I have one word for Microsoft on PDC 2009:
This years Product Developers Conference was much scaled back compared to last years but it had a great innovation in format that allowed people who didn’t attend the conference physically to still interact with it virtually.
And so the good folks at Channel 9 had built up a talkshow like studio at the PDC, with live streaming video through Silverlight, and the ability to viewers to ask questions live on air via Twitter.
This was immensely fun. I had the opportunity to ask questions to at least two technical fellows at Microsoft. Technical Fellow is the highest technical ranking at Microsoft besides of course Chief Technical Architect, a position which is currently held by Ray Ozzie.
I asked a question to Patrick Dussud, Technical Fellow and lead architect of the .NET Common Language Runtime (CLR), designer of the CLR GC and a member of the Windows Core Architechture team. The question was about how how parallel you could make the GC and what possible downsides this had.
I also asked a question to David Campbell, another Technical Fellow, from the Business Platform Division (BPD) where he manages Microsoft SQL Azure and .NET services in the cloud computing space. This question was about whether databases (e.g. SQL Server), programming runtimes (e.g. CLR) and … are merging. David mentiond that MSIL/CIL bytecode execution on SQL Server – “close to the data” – has improved performance of managed code accessing data greatly.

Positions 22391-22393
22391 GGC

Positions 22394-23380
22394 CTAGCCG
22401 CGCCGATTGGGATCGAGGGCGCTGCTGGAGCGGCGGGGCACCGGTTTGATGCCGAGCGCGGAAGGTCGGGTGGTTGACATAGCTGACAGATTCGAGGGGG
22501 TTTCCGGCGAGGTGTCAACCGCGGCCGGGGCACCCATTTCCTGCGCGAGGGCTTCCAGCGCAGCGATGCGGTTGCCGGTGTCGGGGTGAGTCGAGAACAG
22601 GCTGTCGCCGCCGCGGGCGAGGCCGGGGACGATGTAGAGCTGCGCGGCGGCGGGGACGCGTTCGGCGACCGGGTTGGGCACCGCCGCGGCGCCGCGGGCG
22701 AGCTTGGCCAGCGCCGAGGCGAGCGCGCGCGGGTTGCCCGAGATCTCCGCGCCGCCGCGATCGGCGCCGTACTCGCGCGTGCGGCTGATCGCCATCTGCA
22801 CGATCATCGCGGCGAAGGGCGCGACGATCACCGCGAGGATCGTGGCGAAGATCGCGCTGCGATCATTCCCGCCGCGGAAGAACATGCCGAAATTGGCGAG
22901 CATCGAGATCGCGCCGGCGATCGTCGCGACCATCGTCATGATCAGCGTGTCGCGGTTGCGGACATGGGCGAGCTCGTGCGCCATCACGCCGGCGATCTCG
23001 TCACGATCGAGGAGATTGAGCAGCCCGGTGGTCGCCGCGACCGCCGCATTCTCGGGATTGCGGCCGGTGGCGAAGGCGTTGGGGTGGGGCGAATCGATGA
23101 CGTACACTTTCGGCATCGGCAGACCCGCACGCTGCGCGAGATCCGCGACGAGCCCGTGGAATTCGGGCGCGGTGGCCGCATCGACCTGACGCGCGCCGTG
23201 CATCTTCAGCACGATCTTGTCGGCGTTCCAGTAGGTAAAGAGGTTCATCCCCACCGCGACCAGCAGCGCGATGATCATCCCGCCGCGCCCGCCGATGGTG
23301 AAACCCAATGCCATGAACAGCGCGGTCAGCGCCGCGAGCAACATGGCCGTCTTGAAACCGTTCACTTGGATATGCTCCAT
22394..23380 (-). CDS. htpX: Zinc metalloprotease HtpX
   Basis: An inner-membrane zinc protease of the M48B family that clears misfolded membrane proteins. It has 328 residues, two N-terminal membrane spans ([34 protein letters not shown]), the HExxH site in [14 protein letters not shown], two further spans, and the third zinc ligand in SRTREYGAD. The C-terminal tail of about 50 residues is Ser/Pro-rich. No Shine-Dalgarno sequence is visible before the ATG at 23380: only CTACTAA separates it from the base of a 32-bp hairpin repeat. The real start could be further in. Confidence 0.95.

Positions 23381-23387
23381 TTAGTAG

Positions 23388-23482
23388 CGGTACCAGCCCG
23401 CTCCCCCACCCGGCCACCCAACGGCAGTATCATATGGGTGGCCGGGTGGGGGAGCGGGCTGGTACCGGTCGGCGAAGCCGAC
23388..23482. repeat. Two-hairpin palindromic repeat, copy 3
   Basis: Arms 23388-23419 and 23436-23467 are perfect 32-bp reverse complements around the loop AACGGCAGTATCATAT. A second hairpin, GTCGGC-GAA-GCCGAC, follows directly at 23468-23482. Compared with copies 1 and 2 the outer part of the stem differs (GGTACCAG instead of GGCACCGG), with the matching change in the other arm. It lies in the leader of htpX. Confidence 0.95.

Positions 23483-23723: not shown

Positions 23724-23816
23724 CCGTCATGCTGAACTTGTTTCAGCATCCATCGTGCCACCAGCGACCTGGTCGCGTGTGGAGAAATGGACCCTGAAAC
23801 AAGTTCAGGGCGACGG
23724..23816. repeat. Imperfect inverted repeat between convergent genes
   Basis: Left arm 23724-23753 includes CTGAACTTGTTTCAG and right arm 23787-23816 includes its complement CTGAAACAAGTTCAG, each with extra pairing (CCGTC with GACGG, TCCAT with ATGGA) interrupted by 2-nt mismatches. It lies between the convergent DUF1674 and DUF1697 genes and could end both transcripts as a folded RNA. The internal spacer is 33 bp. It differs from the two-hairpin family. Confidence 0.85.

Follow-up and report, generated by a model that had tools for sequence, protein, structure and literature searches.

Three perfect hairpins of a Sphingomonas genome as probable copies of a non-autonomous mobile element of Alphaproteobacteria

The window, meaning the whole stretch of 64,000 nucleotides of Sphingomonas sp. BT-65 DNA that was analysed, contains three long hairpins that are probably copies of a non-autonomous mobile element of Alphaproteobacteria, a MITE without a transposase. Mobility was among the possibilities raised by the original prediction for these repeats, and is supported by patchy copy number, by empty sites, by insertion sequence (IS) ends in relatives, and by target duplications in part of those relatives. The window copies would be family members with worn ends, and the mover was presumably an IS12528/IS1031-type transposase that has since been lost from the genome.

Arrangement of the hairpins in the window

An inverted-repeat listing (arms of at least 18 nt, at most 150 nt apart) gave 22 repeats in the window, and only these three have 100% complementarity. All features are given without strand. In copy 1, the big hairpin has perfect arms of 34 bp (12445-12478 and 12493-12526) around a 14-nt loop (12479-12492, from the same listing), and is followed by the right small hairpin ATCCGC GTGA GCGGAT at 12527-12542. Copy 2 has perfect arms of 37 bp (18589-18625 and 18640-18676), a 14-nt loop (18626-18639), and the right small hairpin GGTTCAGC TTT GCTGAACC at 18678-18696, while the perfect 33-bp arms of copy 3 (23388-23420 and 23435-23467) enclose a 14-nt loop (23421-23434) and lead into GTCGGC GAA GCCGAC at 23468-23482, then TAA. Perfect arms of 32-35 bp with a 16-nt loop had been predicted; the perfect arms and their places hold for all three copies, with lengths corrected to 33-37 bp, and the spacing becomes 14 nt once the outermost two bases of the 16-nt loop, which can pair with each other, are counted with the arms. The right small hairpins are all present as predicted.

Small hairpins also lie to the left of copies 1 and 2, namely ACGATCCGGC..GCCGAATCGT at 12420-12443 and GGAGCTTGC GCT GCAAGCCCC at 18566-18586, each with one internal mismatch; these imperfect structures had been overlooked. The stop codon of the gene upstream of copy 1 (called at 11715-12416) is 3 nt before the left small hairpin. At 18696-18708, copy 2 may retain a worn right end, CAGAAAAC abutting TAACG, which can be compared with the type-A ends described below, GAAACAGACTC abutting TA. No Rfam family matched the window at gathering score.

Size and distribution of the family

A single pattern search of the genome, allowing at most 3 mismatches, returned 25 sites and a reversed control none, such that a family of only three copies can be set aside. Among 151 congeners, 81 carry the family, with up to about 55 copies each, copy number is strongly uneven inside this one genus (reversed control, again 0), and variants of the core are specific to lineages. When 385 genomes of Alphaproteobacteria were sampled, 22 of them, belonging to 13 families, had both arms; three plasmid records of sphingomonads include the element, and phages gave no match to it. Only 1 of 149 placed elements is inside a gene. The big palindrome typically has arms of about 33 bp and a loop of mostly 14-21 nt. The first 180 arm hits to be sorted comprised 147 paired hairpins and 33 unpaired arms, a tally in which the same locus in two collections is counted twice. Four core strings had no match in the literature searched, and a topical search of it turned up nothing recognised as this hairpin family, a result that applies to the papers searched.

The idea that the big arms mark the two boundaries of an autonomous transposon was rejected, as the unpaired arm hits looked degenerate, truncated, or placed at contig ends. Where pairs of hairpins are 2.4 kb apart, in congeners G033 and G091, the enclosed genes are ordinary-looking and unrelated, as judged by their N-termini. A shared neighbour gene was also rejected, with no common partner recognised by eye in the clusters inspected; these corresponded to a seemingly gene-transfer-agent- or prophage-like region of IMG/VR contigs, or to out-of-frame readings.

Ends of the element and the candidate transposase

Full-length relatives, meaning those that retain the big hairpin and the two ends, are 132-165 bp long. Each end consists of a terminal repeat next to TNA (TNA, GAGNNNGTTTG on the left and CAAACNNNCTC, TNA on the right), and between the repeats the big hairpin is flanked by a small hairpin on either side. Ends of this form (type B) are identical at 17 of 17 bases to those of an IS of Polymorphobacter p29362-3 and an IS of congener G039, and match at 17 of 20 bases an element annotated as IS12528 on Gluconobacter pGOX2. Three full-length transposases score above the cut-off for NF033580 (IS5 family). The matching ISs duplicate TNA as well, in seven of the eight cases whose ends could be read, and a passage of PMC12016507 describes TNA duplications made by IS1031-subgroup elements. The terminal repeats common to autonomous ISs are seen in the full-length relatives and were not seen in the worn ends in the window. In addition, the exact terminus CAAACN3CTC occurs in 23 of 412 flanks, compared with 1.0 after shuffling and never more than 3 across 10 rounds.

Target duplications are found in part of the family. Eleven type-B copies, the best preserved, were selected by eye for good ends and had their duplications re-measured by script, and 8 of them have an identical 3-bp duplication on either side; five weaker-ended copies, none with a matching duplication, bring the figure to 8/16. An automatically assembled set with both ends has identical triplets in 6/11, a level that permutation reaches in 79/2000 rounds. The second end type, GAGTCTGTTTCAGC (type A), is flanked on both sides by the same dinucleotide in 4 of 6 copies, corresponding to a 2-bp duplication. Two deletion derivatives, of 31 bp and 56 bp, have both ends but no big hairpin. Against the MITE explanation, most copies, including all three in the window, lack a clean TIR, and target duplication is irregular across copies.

LINQ shows us where things are going: tighter and tighter integration. Erik Meijer, who is perhaps the lead architect of LINQ and whom I was also able to ask a question, also works for David Campbell on cloud programmability. The new Reactive Extensions (Rx) for .NET is a pearl which we’ll see permeate .NET soon. It also builds smoothly on top of Parallel Extensions for .NET (Px), which is Microsoft’s near- to mid-term answer to the manycore challenge.
Parallel Extensions for .NET comes from the Parallel Computing Platform (PCP) team which is the team tasked with the strategic challenge posed by the massively parallel hardware of the future.
It gets better. I also asked a question to the director of NASA’s Mars programme as well as a NASA scientist.
I repeat: Awesomeness!
NASA had a marked pressence at this years PDC because they have offered up data on Microsoft’s new “Dallas” data marketplace. The attendees were apparently given 3D goggles and were viewing stereoscopic images of Mars. Pretty damned cool.
Supposedly recordings of the live Channel 9 stream will be available. I’d certainly like it.
This years PDC will be one tough PDC to outdo.